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NEWS UPDATES 8 August 2009

Philippine economy kept steady as money supply grows

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Philippine economic activities remained steady, muting recession threats, as the amount of cash in the financial system and loans extended by banks continued to grow in June this year, reported GMA.TV news.

Domestic liquidity – also known as M3, which measures the amount of cash in the system – rose 12.58 percent in June and is 1.27 percent higher than last month’s results, the Bangko Sentral ng Pilipinas (BSP) said.

However, June’s growth rate is slower than May’s, which reached 15 percent year on year.

“The continued strong growth of money supply indicates that the liquidity-enhancing measures earlier implemented by the BSP have continued to work their way through the banking system to ensure ample funding for the requirements of the economy," BSP Officer-in-Charge Nestor A. Espenilla, Jr. said

Ample money supply encourages banks to lend more, prompting businesses to expand and thus hire more workers and consumers to spend more.

Higher net foreign assets continued to drive the growth of liquidity although it slackened at 17.6 percent from 19.8 percent in May following slower build-up in the BSP’s international reserves despite banks’ declining foreign obligations.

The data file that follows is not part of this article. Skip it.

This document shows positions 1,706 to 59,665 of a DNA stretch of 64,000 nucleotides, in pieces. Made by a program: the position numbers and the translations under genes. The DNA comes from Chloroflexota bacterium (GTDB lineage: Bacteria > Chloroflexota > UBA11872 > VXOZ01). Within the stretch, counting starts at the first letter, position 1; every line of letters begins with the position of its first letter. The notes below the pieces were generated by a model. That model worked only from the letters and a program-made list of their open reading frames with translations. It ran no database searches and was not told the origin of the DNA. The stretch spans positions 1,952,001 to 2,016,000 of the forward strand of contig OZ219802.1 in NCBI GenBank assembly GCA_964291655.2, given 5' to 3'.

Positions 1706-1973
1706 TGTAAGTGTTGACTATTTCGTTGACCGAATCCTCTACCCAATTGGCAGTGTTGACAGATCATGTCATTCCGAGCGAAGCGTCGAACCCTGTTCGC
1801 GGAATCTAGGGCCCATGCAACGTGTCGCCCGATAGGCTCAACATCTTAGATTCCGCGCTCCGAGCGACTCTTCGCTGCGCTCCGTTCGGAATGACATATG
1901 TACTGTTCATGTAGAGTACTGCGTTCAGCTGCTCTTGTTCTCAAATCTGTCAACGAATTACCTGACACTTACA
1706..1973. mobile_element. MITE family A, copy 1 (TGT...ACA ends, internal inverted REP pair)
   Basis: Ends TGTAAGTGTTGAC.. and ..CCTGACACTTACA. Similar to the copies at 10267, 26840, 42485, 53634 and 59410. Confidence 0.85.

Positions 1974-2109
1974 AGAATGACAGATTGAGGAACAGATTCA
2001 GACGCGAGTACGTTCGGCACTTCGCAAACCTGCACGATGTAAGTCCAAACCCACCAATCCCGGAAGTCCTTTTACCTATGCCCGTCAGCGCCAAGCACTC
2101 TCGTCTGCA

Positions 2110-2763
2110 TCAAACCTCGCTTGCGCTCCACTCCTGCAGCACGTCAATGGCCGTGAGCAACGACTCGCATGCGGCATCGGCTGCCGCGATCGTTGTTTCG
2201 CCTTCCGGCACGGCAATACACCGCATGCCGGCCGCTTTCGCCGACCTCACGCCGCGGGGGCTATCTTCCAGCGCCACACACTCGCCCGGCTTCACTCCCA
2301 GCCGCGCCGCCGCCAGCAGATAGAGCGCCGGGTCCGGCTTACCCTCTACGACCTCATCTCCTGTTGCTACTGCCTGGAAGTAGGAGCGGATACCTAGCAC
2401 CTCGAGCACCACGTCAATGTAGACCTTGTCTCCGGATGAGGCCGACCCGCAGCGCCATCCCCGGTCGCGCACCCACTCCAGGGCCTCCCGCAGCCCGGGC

Growth in net domestic assets – government assets owned abroad minus foreign-owned local assets – went down to 3.2 percent in June from 8.4 percent in May as net domestic credit growth decelerated to 15.2 percent from 18.3 percent.

Meanwhile, the increase in loans extended to the private sector by commercial banks remained strong, reaching P2.2 trillion in June, 11.1 percent higher than last year.

Delay in credit expansion to the government, local government units, and other public entities led to slower growth in credit extended to the public sector at 15.2 percent than 18.7 percent in May.

Net of reverse repurchase placements (RRP) with the BSP, growth in bank lending remained strong at 14.3 percent albeit slower than the 17.3 percent growth posted in the previous month.

On a month-on-month basis, commercial banks’ seasonally-adjusted lending in June grew by 4.5 percent for loans inclusive of RRP placements, but fell by 0.3 percent net of RRP placements.

Loans for production activities went up by 14.4 percent year-on-year in June but slower than the 17.1 percent growth in May.

Major contributors to lending growth were agriculture, hunting, and forestry; real estate, renting and business services; transportation, storage and communication; electricity, gas and water; and financial intermediation.

Other sectors that enjoyed higher loans were wholesale and retail trade; other community, social and personal services; public administration and defense; health and social work; fishing; and mining and quarrying.

Banks lent 12.6 percent less to manufacturing, which accounted for 15.2 percent of total loans, due to adverse impact of the global financial crisis on export growth, while the construction loans remained negative at 12.5 percent due to weak demand for housing projects and new office spaces.

Growth in consumption loans eased off to 7.2 percent this month from 9.6 percent in the previous month due to slower growth in auto loans, credit card lending, and the continued contraction in other types of consumption loans.


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